European Meat Forum No nature without animals
We do not need to abolish the entire system of livestock farming in order to return to sustainable cycles. But we do need to change it and use the resources more intelligently. This was one of the key findings at the European Meat Forum in Brussels last week. The International Butchers' Confederation (IBC) invited MEPs, lobbyists and scientific experts to the European Parliament for the 21st Forum. This year's topic was the role of meat in a changing world.
A prominent guest in the podium discussion (led by Renate Kühlcke, editor-in-chief of "Fleischwirtschaft") was Sarah Wiener. The TV chef has represented the Austrian Green Party in the European Parliament since the beginning of the current legislature. She is known for her critical attitude towards meat produced in factory farming. She does not, however, see abolishing livestock farming as a solution to the debate on meat production and consumption. "We do not need to get rid of the animals themselves, merely their suffering," said the MEP.
Scientific support for Wiener came from Dr. Martin Scholten of Wageningen University. "Responsible agriculture is the only type of agriculture with a future," said the Dutchman, who also emphasised the role of animals in the food cycle. Animals eat plants, and their manure serves as fertiliser – in which context the question of how food production can be used to capture nitrogen or carbon dioxide takes on new relevance. Here, Scholten drew a comparison with the car industry, which is also attracting negative headlines: "We know cars pollute the air. But we are not banning them altogether, we are developing a new generation of automobiles that do less harm to the environment."
Sarah Wiener showed herself to be a true fan of the butcher's trade, reporting that she regards herself as a food entrepreneur. Her Kerkow farm estate on the border of the Uckermark region has its own slaughterhouse and produces its own meat and sausage. "We have even started processing freshly slaughtered meat again," said the co-owner of the farm, giving the butchers an insight into "her butcher's shop".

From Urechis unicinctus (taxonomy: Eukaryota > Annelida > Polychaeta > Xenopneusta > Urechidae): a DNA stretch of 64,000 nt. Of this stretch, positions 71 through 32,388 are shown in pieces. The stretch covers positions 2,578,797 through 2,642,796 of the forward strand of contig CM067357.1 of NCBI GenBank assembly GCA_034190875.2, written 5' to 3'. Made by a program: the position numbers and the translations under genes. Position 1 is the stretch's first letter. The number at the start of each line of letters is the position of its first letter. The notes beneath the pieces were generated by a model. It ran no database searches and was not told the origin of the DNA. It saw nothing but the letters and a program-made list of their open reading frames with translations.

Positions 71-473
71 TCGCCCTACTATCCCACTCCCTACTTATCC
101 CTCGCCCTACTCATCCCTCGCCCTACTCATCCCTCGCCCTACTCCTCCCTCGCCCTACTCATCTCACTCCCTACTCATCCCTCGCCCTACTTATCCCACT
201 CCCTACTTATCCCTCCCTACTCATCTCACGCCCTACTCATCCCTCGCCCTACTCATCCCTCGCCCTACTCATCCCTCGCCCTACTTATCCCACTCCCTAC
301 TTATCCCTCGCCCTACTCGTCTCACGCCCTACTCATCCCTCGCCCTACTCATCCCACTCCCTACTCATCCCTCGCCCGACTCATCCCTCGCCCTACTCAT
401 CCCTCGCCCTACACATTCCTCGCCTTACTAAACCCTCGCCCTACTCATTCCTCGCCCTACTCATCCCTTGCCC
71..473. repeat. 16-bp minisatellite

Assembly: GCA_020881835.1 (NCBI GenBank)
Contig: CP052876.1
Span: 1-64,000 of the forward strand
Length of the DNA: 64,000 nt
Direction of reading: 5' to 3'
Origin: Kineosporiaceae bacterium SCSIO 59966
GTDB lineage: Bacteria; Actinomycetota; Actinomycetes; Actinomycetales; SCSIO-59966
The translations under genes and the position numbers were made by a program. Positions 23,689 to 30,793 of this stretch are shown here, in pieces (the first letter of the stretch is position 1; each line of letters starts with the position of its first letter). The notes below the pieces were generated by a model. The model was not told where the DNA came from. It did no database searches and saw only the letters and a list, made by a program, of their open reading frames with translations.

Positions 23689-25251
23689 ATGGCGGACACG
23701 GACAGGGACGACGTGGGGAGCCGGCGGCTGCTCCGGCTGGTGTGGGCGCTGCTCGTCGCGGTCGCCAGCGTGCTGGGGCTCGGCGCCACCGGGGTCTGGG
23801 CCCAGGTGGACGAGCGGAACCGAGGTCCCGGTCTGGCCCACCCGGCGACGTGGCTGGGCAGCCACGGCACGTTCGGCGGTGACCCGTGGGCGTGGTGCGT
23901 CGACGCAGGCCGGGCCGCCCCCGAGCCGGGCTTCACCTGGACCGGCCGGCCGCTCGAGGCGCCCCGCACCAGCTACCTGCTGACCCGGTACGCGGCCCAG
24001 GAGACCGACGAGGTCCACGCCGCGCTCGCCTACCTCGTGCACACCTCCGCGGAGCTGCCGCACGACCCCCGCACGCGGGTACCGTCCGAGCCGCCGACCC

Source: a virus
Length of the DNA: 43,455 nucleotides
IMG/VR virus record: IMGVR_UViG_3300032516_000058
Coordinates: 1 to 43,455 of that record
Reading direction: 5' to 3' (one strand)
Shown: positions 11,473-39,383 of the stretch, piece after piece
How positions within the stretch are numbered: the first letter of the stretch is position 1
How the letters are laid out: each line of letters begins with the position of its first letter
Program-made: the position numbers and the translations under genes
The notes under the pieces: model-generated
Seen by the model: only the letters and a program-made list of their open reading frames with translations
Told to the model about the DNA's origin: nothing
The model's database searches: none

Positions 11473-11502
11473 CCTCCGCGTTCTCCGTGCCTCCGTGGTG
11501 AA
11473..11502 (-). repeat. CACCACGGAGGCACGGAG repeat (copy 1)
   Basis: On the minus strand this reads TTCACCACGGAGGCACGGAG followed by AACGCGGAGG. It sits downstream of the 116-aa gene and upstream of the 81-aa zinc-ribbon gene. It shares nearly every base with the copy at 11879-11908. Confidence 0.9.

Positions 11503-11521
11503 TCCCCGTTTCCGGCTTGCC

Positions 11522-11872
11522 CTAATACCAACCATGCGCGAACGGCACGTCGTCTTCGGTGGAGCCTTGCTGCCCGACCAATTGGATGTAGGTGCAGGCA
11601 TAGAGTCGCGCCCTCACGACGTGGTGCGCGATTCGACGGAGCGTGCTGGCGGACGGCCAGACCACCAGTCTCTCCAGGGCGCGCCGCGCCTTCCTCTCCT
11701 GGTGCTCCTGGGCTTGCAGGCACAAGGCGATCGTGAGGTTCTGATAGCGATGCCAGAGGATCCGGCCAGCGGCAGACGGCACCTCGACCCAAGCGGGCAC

The TV chef advised them to tell the world what great things they are doing. The craftsmen should reclaim their pride – and be paid good money for doing so. The expert Scholten takes a similar view: as the link between producers and consumers, butchers are best placed to explain what tastes good, is high quality and why this is so. "That's the advantage you have over the anonymous meat in the self-service counters." A well-told story can add value to food. In the ensuing discussion, Martin Fuchs, Managing Director of the German Butchers' Association (DFV) and Secretary General of the IBC, also issued a plea for greater appreciation of the food trade and its products, especially in the current political debate.
Prof. Dr. Frédéric Leroy from the University of Brussels (VUB) rejected the suggestion that science could help enhance the profile of meat as a food. Nonsense always spreads quickly among the population, he said, however it is much more difficult to achieve any progress using scientific arguments. "People want to understand the value of food," said the technologist. But science is only effective in the background.
"One of the main attractions of Europe lies in the diversity of its products." This is how event patron, Dr. Anne Sander, responded to nutrition-based criticism of meat and sausage and the resulting efforts to create "healthier" products which contain less salt and fat but more fillers. It is important to preserve this diversity, she said. The French MEP (EPP) hopes that reason and a balanced political discourse instead of hysteria will be the order of the day in the new legislature on this issue and on the future direction of agriculture.